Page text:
We've expressed our love of cotton suits before, but it bears repeating. This season we present a pleasingly tactile twill number in a pair of colours. David Coggins dreams of occasions for which he would wear such an item.
Wearing a suit doesn’t have to be hard, and in summer it should be even easier. The cotton suit is a clear-thinking solution, your daily ally for whatever warm weather brings. Think of it as what it is: a pair of chinos with a matching jacket, that’s at home in any sunny outdoor setting.
A suit brings clarity to your wardrobe, and that’s helpful whether you’re attending the French Open or travelling across Greece. Yes, there’s always been romance in the good summer suit and there still is. A cotton suit will quickly become the most versatile part of your warm weather arsenal. You can wear it with a polo shirt and a pair of loafers. This communicates ease with a hint of formality, like drinking white wine at an outdoor café. You are relaxed, refreshed and open to the possibilities of a June afternoon.
A khaki suit is a good background for pattern and color. It plays strongly with graphics, like a striped shirt in a vivid hue. Gingham in any color is a fine choice. You can add a tie and be at home at a formal affair, or unbutton the shirt halfway down your chest if you are spending time in Naples.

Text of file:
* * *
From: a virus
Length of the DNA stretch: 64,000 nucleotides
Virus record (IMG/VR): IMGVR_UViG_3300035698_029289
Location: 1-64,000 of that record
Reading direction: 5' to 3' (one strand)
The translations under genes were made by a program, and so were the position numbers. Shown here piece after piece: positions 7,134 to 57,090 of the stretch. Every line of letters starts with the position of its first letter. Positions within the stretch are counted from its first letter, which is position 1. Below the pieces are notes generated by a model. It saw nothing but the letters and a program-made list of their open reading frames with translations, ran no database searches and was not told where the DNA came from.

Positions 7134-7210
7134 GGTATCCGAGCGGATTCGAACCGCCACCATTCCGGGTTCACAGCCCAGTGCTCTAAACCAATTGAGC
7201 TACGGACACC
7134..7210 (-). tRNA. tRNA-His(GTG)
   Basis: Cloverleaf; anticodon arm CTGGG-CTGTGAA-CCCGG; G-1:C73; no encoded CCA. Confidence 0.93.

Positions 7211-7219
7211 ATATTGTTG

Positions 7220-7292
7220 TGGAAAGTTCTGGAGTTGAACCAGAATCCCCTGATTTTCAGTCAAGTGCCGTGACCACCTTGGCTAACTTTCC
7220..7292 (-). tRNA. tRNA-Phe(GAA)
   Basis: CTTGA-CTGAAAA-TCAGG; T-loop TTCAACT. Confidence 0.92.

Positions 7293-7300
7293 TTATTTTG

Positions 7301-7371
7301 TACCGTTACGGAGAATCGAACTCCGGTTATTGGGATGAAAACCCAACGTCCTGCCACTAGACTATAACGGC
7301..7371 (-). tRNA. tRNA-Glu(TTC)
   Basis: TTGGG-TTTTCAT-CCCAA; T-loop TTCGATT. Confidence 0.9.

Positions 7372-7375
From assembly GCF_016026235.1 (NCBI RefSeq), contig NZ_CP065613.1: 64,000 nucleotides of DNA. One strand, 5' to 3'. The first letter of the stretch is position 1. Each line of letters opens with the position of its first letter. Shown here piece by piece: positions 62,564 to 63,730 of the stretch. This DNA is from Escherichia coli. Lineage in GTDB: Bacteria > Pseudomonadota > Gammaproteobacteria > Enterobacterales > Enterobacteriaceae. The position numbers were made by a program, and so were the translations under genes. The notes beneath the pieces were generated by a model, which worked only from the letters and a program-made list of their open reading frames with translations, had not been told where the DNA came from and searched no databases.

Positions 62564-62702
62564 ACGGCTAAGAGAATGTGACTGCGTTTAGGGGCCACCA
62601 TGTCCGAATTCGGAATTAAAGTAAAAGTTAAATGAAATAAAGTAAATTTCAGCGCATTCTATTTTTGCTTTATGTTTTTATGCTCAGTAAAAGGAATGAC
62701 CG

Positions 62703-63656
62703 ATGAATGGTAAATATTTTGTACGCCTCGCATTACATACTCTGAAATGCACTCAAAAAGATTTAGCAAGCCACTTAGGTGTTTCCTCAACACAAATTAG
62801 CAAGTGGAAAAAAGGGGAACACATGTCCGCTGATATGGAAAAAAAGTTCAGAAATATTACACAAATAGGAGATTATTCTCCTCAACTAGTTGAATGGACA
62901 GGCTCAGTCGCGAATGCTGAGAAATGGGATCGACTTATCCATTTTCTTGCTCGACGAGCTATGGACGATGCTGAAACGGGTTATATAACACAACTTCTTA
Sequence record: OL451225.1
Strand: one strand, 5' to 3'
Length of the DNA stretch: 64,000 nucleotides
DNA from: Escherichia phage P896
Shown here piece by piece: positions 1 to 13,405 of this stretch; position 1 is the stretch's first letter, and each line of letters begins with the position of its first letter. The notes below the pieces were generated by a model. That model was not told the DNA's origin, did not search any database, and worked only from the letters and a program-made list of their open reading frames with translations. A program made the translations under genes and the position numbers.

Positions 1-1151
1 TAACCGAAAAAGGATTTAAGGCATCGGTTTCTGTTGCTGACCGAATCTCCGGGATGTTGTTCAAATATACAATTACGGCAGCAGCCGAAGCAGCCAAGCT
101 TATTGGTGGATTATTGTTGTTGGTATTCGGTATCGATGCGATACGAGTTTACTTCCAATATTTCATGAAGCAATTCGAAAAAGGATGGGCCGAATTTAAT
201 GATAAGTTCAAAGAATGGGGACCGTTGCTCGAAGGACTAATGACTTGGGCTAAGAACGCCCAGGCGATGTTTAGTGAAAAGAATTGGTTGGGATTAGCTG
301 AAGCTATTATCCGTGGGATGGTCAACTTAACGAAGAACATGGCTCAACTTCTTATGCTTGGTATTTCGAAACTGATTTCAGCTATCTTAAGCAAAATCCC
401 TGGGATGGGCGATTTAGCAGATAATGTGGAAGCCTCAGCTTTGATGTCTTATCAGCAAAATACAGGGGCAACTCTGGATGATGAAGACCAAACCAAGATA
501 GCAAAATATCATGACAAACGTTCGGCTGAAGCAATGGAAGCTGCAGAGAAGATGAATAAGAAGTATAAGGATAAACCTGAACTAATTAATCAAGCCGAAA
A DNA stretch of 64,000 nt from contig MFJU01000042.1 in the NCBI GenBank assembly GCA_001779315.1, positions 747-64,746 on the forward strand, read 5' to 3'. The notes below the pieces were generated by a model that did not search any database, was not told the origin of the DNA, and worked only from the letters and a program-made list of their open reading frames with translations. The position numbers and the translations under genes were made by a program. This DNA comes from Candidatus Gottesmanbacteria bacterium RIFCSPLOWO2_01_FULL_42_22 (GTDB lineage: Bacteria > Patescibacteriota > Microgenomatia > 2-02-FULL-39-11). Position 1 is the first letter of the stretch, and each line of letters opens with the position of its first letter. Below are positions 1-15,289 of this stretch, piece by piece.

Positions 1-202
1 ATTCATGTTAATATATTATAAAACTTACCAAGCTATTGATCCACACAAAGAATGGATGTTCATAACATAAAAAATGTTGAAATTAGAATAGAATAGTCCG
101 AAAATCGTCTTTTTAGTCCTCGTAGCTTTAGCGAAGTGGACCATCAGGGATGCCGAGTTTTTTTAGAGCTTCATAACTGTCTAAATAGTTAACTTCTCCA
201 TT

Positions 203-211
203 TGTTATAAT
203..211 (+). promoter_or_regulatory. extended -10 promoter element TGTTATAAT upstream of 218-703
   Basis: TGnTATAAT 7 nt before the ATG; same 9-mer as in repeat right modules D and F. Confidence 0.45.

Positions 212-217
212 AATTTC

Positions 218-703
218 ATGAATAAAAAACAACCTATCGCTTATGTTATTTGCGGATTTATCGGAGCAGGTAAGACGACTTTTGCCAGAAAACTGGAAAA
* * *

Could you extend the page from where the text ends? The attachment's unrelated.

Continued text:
I have always liked how a khaki suit works with a simple blue shirt. Depending on your location it goes well with a blue chambray or western shirt. But don’t forget blue linen, or an old dress shirt with a fraying collar. Any oxford shirt you own will look good with your cotton suit. Add a pair of canvas shoes, if you just got off your Vespa or want to look like you did. Or a pair of desert boots if you prefer to look like an archeologist.
A cotton suit, especially one in cavalry twill, is a natural partner for more texture. If you’re familiar with my devotion to knit ties it won’t surprise you that I think they are natural bedfellows. Navy blue if you’re feeling restrained, but something more vibrant if you’re invited to a wedding in Barcelona and want to communicate your commitment to a late night. But any woven tie will look at home with a cotton suit, something that has a tooth to it. You can use a bandana as a pocket square. Or a linen coaster from a hotel on Lake Como.
The most important thing about a cotton suit is to wear it. It’s a useful uniform, which means it can become a default starting point in your wardrobe, a pleasure to put on, not a burden. It improves with wear, it’s not temperamental like linen, or demanding like a fine summer-weight wool. If the trousers lose their crease, so be it. If you’re out in the rain, you’ll survive. If you live dangerously you can even throw it in the washing machine.
Summer is a time for basic pleasures. Food from the grill, cold rosé, gelato that won’t affect your waistline because you’re on vacation. The cotton suit is perfect for summer because it’s an ongoing invitation to keep things simple.